Deceptive Trade Practices
Consumer protection laws govern many sales and service transactions involving consumers. Such statutes prohibit and regulate deceptive or unconscionable advertising and practices, product quality, leasing and other consumer transactions. In general, businesses cannot misrepresent the quality of their goods and other terms of their sales.
The goal of consumer protection laws is to place consumers on even par with companies or others regularly engage in the sale or leasing of goods or services.
False advertising is the most common consumer complaint. A consumer generally has the right to bring an action against a false advertiser for deceptive trade practices or fraud. The consumer will need to prove that the advertiser made false representations about the product for the purpose of enticing the consumer buy or lease the product or service.
Fair Debt Collection Practices Act
The Fair Debt Collection Practices Act (FDCPA) is a federal law that applies to professional bill collectors hired by creditors or business to attempt to recover from a debtor. The FDCPA is a consumer protection law, and it places many restrictions on the behavior and practices of bill collectors in their attempts to collect on a debt.
Bill collectors may not call you at inconvenient times, including before 8:00 in the morning or after 9:00 at night. They may also not contact you at work if you notify them that you are not allowed to receive calls there. Also, if you have told them you are represented by an attorney, then they should contact your attorney instead of you. And if you tell them to stop calling you, they must stop, except for limited purposes such as to inform of a legal collection action they will be taking.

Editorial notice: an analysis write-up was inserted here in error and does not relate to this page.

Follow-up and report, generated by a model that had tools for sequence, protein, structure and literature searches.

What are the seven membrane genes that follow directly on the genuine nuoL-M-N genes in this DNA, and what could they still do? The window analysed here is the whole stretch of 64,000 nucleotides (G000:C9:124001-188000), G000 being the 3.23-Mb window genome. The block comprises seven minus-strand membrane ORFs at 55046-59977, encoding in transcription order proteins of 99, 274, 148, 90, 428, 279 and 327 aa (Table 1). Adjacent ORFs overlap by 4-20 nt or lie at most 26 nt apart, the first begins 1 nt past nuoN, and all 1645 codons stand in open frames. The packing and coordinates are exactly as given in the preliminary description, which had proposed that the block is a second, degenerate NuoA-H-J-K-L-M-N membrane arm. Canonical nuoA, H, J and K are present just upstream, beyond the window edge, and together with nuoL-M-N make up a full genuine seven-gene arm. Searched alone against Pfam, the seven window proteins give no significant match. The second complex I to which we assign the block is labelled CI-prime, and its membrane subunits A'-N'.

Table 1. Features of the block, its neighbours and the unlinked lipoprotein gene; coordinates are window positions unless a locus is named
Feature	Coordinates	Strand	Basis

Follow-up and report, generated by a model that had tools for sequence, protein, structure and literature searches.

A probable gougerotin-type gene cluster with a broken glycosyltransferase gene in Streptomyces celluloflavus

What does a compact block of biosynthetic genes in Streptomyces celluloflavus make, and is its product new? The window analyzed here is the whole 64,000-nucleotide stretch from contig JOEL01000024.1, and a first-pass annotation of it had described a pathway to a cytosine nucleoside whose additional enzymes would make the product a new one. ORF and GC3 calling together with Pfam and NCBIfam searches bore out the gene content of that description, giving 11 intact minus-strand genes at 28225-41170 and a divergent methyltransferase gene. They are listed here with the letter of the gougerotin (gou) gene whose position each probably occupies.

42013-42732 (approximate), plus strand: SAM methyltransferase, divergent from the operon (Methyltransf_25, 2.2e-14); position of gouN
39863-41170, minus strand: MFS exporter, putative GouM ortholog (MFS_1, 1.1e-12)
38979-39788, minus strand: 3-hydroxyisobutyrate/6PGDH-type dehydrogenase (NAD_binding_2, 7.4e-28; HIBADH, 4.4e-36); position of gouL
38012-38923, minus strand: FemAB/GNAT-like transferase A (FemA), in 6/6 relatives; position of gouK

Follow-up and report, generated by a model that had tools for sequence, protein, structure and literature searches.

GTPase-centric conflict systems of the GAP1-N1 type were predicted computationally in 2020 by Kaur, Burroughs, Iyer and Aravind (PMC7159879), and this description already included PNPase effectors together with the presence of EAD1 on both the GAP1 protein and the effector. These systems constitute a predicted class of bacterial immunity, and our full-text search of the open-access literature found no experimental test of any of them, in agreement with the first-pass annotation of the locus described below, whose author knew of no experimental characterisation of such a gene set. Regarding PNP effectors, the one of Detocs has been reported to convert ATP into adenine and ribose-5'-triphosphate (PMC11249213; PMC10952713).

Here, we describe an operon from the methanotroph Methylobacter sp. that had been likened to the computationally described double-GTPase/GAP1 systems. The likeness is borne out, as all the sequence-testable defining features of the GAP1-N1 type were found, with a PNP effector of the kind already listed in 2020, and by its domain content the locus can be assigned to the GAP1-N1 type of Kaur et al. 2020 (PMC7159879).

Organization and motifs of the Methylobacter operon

When contacting you, bill collectors are limited in what they can say. They are not allowed to call you without identifying themselves, or to call you just harass or annoy you. They may not use profanities or obscenities, or threaten violence. They cannot lie or make false or misleading representations. This includes threatening legal action that they cannot take or do not intend to take, or telling you that you will be arrested if you do not pay.
Bill collectors have a limited right to contact your family, neighbors or co-workers to help them locate you, but they are very limited in what they can say and how much contact they can have. They also may not publish your name on a list of people who owe them money.
Debt collectors who violate the FDCPA can be sued in court, and you can recover for the actual damages you have suffered, such as medical expenses or lost wages, as well as attorney’s fees and court costs. Even without proving actual damages, you may be entitled to a statutory damages award up to $1,000.
False Claims Act
The federal and state governments contract with private companies and citizens regularly. Unfortunately, not all the transactions are honest and successful often resulting in injuries to taxpayers. Luckily both federal and state laws allow for legal claims to be made against dishonest contractors.
The federal False Claims Act (“FCA”) imposes liability on any person or business who submits a claim to the federal government that he or she knows (or should know) is false. The FCA also imposes liability on an individual who may knowingly submit a false record in order to obtain payment from the government. An example of this may include a government contractor who submits records that he knows (or should know) are false and that misrepresent compliance with certain contractual or regulatory requirements. The third area of liability includes those instances in which someone may obtain money from the federal government to which he may not be entitled, and then uses false statements or records in order to retain the money. An example of this may include a hospital who obtains interim payments from Medicare throughout the year, and then knowingly files a false cost report at the end of the year in order to avoid making a refund to the Medicare program.
The FCA provides that private parties may bring an action on behalf of the United States. These private parties, known as “qui tam relators,” may share in a percentage of the proceeds from an FCA action or settlement.